When elderly parents move in with you

When elderly parents move in with you

It has taken careful planning to decide on dad and mom moving in with you as the next step in caregiving.

It has taken careful planning to decide on dad and mom moving in with you as the next step in caregiving.

Now that the busyness of helping elderly parents downsize and move into your home is subsiding, you and your family are likely adjusting to new schedules and relationship changes.

Whether it’s your actual family members or the family you choose, some conflict is inevitable when multiple generations are sharing the same roof.

Chances are, you never anticipated living with your parents again after moving out as a young adult (or living with your in-laws!), and now roles and dynamics have changed. If your own children are living at home too, they will also be experiencing their own adjustments to having grandma or grandpa move in.

Here are some tips to help keep the peace and ease the tensions as everyone settles in, and focus on the benefits of caregiving parents in your own home.

Caregiving your parents or parent-in-laws

  • Recognize that your parent or parent-in-law is also experiencing a major transition moving out of their own home and into yours. Even if they are still relatively independent, they will be going through many emotions. Try to give them space to maintain their own daily routines and schedules as much as possible, even if they are not the same as yours. If you find yourself feeling tense, stop and take a breath, and try to put yourself in their shoes.

  • Ask for help. Elizz offers services and supports to fit your unique caregiving situation. If your parent doesn’t have social connections in your neighbourhood, connect him or her to local seniors’ centre or adult day programs for accesss to a variety of activities. Elizz Home Support companions can also be great help with errands, appointments, and as a friend to share a laugh with. When parents move in, mental health and minimizing loneliness is just as important as managing day-to-day caregiving tasks like meals or medications.

Helping a child adjust to living with your elderly parents

  • If you have children at home, they will be adjusting to new routines as well. Depending on the level of your caregiving responsibilities, they might feel like you don’t have as much time for them. Maybe a spare room where the kids used to play or watch TV has become grandma or grandpa’s room. Talk to your children about how they are feeling, and reassure them. Focus on how the kids can be involved so that they don’t feel left out. Younger children can make crafts with their grandparent, and watching the young children play will be great for your parent’s well-being. Teens can help prepare meals or drive to appointments. Communication is key to making sure everyone feels included and knows how and when they can help out. For more strategies on helping your young child or children adjust to the new normal of living with grandparents, see our article, Caring for elderly grandparents at home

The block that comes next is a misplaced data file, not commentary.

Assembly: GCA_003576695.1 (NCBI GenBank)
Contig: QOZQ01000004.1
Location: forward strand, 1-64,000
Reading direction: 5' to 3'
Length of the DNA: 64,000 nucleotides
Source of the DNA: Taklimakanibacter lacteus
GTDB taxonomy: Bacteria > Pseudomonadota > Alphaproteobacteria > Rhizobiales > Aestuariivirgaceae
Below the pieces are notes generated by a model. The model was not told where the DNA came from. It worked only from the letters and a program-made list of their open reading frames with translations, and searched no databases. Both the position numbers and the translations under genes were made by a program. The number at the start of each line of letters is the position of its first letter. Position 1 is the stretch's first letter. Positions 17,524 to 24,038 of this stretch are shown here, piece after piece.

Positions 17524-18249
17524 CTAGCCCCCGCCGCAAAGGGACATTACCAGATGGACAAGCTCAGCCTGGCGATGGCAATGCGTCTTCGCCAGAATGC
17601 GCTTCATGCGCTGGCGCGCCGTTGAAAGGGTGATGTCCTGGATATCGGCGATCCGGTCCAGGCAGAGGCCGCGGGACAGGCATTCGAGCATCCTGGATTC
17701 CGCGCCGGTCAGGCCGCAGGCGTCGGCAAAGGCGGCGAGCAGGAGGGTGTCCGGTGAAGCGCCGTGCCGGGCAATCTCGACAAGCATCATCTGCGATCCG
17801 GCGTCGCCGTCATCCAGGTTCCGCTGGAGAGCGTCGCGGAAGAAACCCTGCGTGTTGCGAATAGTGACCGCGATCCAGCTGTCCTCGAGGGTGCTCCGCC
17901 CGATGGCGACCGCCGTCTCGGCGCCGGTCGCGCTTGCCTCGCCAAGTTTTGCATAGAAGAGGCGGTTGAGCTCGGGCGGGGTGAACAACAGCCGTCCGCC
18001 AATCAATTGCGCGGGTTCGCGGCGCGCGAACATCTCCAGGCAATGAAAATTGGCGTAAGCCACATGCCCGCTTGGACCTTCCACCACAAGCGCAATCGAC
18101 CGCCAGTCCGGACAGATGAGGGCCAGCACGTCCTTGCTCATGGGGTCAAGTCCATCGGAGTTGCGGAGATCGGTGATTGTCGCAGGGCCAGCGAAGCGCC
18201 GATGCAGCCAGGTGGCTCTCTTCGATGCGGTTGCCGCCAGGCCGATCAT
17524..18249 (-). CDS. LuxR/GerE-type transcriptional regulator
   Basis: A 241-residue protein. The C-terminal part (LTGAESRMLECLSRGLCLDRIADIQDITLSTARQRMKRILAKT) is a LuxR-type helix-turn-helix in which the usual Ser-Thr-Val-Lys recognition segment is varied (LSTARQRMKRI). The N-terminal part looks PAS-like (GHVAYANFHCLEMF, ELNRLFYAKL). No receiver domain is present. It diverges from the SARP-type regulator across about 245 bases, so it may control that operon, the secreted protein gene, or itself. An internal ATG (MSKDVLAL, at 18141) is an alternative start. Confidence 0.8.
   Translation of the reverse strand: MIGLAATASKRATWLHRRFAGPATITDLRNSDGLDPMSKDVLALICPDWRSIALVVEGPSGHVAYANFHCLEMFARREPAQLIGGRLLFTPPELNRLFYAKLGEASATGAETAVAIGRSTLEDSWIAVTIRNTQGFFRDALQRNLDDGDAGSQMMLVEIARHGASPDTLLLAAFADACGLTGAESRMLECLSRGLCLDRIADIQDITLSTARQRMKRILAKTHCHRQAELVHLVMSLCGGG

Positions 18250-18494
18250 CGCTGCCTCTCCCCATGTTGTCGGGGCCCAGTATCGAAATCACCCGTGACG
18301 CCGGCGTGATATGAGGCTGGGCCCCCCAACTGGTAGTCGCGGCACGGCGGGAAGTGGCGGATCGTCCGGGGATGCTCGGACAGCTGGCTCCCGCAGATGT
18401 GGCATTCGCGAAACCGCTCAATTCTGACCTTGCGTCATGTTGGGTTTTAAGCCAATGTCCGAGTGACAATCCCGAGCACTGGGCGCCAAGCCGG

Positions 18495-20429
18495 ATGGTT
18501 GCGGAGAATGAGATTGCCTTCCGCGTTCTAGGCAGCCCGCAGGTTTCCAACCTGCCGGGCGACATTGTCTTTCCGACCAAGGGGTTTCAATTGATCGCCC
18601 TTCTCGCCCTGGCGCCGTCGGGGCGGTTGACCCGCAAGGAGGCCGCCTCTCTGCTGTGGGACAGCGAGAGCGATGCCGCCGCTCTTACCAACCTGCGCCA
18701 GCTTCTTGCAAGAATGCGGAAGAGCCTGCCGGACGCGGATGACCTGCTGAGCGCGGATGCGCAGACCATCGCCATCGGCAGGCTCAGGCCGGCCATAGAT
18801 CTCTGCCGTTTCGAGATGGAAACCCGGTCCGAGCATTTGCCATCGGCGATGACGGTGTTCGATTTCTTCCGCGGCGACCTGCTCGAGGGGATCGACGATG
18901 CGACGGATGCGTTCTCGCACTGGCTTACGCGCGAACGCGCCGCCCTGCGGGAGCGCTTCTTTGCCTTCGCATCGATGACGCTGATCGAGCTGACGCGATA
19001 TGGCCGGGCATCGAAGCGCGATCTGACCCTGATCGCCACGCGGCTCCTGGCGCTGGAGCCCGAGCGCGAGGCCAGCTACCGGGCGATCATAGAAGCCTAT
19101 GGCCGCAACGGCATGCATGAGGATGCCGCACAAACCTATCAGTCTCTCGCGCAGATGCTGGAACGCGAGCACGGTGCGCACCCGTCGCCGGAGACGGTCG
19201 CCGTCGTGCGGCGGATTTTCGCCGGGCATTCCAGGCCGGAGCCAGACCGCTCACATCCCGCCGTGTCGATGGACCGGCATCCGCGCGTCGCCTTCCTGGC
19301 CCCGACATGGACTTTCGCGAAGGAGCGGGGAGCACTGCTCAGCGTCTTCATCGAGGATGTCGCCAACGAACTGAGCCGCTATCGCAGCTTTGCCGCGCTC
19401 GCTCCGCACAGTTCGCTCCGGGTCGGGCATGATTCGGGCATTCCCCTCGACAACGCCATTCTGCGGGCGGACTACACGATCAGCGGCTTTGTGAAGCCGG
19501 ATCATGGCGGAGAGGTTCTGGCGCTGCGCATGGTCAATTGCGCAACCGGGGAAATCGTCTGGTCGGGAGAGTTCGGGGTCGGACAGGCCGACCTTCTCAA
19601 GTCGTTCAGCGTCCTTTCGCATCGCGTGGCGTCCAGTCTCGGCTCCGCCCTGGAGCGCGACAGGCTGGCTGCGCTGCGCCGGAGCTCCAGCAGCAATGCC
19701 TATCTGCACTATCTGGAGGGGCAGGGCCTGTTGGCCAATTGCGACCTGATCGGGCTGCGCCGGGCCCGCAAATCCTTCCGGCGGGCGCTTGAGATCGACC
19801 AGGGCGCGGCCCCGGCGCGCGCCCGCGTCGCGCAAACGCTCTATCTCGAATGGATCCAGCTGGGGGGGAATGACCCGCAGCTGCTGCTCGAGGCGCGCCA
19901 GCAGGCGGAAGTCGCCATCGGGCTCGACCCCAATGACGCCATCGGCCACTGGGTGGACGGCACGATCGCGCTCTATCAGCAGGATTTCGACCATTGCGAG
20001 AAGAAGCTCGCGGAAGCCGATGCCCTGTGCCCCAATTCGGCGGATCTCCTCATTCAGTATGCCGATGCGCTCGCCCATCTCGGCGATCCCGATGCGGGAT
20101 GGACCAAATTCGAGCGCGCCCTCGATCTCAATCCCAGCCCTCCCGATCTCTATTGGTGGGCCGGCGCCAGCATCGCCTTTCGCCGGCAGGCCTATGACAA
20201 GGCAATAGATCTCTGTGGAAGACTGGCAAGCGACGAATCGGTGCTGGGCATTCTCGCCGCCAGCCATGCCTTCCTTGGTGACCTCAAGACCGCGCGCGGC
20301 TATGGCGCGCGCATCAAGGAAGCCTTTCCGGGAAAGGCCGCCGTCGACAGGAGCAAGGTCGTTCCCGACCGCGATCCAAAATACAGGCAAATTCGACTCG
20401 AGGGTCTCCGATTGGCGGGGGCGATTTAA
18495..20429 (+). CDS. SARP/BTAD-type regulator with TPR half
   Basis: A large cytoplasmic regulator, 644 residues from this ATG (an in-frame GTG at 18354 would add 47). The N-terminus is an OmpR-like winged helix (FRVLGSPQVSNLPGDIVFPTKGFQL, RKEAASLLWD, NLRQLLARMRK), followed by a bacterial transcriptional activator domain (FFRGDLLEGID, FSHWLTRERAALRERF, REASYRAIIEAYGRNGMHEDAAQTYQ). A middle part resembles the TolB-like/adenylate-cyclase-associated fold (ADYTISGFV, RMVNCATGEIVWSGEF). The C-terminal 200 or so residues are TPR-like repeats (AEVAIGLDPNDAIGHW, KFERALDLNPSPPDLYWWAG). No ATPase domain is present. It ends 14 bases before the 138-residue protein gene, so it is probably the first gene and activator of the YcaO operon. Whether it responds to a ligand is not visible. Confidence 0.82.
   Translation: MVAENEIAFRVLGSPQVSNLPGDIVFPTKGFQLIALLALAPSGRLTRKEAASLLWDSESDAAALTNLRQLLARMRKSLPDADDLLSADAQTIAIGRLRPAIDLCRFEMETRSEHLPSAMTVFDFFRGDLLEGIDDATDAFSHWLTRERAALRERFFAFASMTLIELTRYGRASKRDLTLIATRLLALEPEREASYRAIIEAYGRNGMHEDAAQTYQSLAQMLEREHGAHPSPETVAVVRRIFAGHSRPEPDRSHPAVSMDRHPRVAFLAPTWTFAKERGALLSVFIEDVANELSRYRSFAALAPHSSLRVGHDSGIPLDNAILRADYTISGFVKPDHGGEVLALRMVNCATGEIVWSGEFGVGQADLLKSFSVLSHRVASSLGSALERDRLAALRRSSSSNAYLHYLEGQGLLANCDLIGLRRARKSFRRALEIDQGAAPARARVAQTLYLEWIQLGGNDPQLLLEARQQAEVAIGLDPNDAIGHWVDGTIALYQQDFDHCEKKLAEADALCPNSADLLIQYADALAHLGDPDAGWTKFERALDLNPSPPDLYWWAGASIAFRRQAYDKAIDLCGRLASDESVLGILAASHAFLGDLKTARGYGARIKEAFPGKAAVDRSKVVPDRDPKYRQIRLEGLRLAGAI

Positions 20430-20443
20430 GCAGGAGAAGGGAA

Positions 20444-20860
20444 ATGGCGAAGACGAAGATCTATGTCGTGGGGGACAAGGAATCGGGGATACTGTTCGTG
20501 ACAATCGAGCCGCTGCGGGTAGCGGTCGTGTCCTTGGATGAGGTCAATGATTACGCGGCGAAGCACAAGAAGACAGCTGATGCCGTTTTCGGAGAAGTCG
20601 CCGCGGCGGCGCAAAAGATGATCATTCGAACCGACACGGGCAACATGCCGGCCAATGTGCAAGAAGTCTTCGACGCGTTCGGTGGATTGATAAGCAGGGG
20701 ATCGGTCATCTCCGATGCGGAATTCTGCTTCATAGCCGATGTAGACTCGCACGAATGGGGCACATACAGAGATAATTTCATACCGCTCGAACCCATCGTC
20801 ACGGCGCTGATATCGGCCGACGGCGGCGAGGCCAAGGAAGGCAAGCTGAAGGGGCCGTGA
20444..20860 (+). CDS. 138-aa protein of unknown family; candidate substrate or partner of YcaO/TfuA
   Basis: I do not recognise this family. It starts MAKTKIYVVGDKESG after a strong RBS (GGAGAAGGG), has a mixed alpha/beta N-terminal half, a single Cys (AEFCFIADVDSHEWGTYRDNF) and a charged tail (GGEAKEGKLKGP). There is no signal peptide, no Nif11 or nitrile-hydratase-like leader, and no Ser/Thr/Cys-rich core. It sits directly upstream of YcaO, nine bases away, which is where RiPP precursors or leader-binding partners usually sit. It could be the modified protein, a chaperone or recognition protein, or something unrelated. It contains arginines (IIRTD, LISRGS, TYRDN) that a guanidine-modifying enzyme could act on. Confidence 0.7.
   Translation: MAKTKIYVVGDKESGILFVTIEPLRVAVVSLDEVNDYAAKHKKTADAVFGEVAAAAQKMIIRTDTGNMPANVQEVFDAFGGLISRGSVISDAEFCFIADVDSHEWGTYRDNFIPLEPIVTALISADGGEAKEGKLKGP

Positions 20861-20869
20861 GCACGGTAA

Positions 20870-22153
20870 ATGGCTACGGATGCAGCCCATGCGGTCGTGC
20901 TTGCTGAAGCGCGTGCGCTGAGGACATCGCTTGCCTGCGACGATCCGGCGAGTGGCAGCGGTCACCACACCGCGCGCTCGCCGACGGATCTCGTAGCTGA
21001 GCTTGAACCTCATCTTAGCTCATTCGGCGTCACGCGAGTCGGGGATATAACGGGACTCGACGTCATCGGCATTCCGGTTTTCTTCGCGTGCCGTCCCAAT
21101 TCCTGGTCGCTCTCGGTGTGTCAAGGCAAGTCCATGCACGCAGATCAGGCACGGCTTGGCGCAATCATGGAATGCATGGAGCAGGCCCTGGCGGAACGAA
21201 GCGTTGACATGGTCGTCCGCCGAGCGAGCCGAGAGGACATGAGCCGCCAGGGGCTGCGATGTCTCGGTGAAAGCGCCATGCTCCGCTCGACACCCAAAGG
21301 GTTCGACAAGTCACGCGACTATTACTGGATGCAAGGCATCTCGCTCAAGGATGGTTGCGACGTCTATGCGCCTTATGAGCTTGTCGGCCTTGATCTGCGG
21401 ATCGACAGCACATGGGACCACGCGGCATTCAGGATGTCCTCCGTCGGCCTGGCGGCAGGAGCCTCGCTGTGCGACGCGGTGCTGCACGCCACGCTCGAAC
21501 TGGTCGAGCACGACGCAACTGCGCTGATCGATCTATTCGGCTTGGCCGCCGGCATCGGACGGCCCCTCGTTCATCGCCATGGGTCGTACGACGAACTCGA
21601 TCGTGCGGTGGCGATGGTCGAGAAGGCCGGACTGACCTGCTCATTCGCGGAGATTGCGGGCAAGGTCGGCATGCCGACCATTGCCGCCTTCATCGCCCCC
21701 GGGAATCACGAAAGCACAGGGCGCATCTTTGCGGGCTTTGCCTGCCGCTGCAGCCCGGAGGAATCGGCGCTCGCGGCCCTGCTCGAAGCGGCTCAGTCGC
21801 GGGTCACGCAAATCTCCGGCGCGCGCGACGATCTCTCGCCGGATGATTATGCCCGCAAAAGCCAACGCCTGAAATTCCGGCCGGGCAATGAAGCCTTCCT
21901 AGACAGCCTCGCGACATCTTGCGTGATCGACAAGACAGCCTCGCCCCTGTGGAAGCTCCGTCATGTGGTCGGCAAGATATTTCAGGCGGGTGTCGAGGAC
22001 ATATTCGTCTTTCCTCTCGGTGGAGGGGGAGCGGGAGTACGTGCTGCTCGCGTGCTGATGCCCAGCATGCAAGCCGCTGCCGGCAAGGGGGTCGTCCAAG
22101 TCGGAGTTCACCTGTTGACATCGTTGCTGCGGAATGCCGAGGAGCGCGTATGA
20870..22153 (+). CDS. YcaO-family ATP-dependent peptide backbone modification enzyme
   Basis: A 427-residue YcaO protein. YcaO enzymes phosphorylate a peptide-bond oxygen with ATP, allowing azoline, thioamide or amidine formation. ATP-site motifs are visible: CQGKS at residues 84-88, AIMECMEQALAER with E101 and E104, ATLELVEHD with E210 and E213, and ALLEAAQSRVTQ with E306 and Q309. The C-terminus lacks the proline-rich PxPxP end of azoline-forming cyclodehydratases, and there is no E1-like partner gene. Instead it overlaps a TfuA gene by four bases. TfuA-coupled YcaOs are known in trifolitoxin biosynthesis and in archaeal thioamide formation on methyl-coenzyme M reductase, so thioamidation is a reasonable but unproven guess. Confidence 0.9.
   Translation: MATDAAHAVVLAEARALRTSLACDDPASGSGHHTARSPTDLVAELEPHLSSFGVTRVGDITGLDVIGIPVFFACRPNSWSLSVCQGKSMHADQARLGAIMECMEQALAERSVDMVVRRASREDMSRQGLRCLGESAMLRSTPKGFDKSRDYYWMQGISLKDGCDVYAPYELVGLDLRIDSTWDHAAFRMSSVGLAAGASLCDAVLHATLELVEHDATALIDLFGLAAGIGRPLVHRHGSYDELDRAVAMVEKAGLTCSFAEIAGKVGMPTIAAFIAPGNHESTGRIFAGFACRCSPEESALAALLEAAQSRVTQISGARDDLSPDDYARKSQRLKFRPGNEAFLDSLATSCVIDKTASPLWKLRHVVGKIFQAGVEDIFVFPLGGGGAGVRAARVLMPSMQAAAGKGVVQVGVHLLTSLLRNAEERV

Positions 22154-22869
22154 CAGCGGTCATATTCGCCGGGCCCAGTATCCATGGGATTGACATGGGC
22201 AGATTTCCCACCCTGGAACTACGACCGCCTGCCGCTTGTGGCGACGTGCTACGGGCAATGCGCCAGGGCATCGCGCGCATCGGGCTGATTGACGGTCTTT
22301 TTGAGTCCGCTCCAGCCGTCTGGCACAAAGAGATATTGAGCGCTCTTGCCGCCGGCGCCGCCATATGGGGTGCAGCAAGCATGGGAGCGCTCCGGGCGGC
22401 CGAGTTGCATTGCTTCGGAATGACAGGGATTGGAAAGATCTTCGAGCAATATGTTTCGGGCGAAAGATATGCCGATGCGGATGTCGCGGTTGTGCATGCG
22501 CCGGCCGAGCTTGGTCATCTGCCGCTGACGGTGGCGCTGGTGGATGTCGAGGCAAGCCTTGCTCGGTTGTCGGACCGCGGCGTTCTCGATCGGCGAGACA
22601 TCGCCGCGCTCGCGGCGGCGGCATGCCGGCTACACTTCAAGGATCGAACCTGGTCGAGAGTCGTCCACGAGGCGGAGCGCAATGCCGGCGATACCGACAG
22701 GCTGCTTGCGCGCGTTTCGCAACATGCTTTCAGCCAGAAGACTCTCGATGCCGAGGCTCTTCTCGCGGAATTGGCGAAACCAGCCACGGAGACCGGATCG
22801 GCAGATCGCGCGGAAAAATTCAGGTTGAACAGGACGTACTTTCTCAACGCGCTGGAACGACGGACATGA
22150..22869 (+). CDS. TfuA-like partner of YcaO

• Living with elderly parents offers many opportunities for richer, meaningful connections. Grandparents can develop a special routine, like reading a bedtime story to younger kids. Older kids and teens can ask grandparents about the music they like, and play it for them, while also sharing their own musical taste. Go through family photos and tell stories together.

Helping your spouse adjust to elderly parents moving in

  • Some of the biggest tensions adjusting to an elderly parent moving in and caregiving in your home can be with your spouse. Talk openly about how you will handle things like new schedules, meal routines, and perhaps most importantly, a decrease in privacy. Really listen to each other’s perspective and come up with a plan that meets not only your needs but also your spouse’s needs. Revisit this conversation regularly.

  • Make time for each other. If your day-to-day caregiving responsibilities are juggled with work and your own kids, time with your spouse can easily get lost in the shuffle. If your parent is still independent enough to stay at home alone for a short time, plan a regular date night. If your caregiving responsibilities are increasing, do something like take a walk after dinner to unwind together. Also see our article, Dealing with relationship stress when caregiving for more tips.

You might also like our article on entitled 10 Caregiver Stress Relievers!

As a not-for-profit organization, Elizz, the place to go for all things caregiving, is powered by Saint Elizabeth Health Care. If you feel you need to speak to someone about the stresses of having your parents move in with you, or if you need caregiving help, please call Elizz at 1-855-Ask-Eliz (275-3549).

 

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